WASHINGTON -- The new U.S.-Soviet arms treaty will barely dent the Pentagon's $50 billion-a-year strategic nuclear weapons budget, according to government officials and independent analysts.
They see the Strategic Arms Reduction Treaty, signed Wednesday by President Bush and Soviet President Mikhail S. Gorbachev in Moscow, as a huge boost to national security -- contributing to international stability and reducing the chances of nuclear war -- but as a near-pygmy in the budget arena.
There are three main reasons:
* The first, which complicates any estimate of savings, is that the Bush administration cut back several major missile and bomber programs last year, and it is hard for analysts to assess how much that was done for budgetary reasons and how much it was done in anticipation of a treaty.
* START permits the United States and the Soviet Union to continue modernizing their strategic weapons arsenals as long as they keep the numbers of nuclear warheads and delivery vehicles -- missiles and bombers -- within prescribed limits.
* The predicted modest savings could be largely offset by the new costs of inspection systems to verify compliance with the treaty and of destroying excess arms.
"In short, START will not be a money-saver," Sen. Joseph R. Biden Jr., D-Del., told the Senate. "It will serve our security but not our pocketbook -- unless we capitalize on the opportunity to move forward toward truly deep cuts" in follow-up negotiations.
Mr. Biden sits on the Senate Foreign Relations Committee, which must recommend whether to ratify the treaty.
Rough estimates of savings, more or less attributable to the treaty, run from several hundred million dollars to possibly $8 billion a year.
In a preliminary assessment for Mr. Biden, the Congressional Budget Office compared START-mandated cuts with the administration's current strategic arms program -- which Defense Secretary Dick Cheney says already reflects arms control savings.
"Compared with the current administration plan for nuclear forces, there would be savings of a few hundred million dollars" in operating expenses and warhead-fabrication costs, the CBO said. The estimate assumed the retirement of certain Minuteman missiles.
The savings could be "wholly or partially" offset by costs of inspectors and treaty-monitoring systems. They would be "a small part" of the $50 billion annual outlay for buying and operating nuclear forces, the CBO said.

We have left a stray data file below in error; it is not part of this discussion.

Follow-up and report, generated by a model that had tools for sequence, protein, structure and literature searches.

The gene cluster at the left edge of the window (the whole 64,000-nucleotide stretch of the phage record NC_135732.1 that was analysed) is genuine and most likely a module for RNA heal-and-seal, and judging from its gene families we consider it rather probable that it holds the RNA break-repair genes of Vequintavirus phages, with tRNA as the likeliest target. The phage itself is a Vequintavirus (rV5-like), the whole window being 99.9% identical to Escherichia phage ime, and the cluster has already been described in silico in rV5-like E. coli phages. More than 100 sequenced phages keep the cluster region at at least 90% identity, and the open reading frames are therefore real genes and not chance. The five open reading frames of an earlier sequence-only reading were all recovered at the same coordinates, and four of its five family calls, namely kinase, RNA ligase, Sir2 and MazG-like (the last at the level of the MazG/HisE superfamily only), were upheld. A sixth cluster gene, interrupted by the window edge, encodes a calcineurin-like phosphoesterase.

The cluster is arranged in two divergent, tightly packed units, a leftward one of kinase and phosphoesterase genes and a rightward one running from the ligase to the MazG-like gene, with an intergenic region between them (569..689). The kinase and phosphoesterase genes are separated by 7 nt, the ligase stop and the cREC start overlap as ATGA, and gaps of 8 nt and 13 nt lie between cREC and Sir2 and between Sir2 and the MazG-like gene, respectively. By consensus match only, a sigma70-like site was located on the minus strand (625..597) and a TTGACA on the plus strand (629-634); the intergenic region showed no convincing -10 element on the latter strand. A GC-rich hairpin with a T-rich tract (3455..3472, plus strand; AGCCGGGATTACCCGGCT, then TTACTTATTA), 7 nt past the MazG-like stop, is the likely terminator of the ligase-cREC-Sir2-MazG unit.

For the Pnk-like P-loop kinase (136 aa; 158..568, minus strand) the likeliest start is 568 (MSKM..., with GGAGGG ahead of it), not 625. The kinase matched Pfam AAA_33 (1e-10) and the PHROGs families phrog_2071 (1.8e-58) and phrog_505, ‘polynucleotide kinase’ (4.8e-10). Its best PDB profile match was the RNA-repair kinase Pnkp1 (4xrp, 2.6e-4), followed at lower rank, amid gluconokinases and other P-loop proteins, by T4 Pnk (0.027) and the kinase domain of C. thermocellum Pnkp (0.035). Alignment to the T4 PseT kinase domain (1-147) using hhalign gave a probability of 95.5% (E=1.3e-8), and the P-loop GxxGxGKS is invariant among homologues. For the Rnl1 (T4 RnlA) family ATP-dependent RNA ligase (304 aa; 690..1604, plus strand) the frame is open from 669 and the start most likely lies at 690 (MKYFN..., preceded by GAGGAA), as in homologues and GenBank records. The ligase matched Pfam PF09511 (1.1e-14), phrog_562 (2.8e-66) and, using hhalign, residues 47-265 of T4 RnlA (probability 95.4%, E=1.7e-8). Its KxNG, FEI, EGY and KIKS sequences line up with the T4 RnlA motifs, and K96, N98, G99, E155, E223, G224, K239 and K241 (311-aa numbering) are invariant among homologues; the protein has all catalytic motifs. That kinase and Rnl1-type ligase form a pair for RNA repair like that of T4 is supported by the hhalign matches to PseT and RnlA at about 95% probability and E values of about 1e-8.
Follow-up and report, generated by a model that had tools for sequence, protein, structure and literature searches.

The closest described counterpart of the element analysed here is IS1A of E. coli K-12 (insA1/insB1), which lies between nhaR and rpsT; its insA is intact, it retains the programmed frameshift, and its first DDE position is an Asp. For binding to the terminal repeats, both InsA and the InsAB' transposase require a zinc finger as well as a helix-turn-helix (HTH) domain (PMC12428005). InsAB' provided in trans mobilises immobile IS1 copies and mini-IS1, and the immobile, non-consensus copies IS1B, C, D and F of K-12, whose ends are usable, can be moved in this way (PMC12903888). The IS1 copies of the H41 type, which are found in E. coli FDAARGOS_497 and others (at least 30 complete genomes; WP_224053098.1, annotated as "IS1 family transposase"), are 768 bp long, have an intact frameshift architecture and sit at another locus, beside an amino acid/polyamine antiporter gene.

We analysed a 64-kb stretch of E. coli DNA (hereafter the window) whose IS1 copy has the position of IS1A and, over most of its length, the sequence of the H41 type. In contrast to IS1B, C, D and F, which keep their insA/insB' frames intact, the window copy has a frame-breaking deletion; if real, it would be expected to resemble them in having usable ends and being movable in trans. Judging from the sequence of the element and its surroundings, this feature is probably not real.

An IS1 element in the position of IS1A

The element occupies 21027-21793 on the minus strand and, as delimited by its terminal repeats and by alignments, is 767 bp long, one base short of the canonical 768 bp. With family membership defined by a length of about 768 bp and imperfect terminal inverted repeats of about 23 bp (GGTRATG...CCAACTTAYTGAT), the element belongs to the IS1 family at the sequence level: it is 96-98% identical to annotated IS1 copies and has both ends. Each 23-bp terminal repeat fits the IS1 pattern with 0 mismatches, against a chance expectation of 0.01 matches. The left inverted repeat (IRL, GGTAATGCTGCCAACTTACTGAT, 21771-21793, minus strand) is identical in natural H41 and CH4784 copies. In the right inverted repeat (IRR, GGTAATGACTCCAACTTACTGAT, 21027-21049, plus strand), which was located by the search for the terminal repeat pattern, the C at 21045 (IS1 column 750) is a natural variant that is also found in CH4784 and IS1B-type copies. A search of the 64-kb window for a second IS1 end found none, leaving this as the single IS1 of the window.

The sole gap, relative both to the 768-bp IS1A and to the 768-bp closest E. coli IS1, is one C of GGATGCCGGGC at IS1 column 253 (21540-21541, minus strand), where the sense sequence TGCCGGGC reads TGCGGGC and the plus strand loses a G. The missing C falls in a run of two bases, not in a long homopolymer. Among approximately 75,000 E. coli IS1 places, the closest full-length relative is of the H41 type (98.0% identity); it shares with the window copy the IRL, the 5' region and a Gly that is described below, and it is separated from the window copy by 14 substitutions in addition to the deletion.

It said the United States was cutting its arsenal of strategic nuclear warheads by 3,300. All but 1,000, atop 150 missiles, would have been cut regardless of the treaty, it said.
Granting that the administration may have made earlier cuts in anticipation of START, the CBO compared the Pentagon's 1990 plan with prospective START savings.
It took account of proposed cuts in the B-2 bomber program from 132 to 75, in the Trident missile submarine plan from a possible 24 ships to 18 (as insisted on by Congress) and the decision to abandon a railroad-mounted MX missile system.
On that basis, the CBO said, savings could average $5 billion to $8 billion a year over the next 15 years.
The independent Defense Budget Project, a research organization here, took a different approach and reckoned that the government would have a one-time saving of at least $10 billion -- possibly $15.4 billion -- on purchases and an annual saving of $2 billion in operating costs.
The saving on weapons would come from the curtailment of the Trident sub and missile program and the reduced purchase now planned for advanced cruise missiles.
START could generate "substantial savings" from present plans if the government went below the treaty limits and "refrained from deploying new systems" or cut its planned deployments, the CBO said.
Arguing that Moscow was ready to negotiate further reductions, Senator Biden urged that course, to bring "superpower arsenals into line with post-Cold War realities."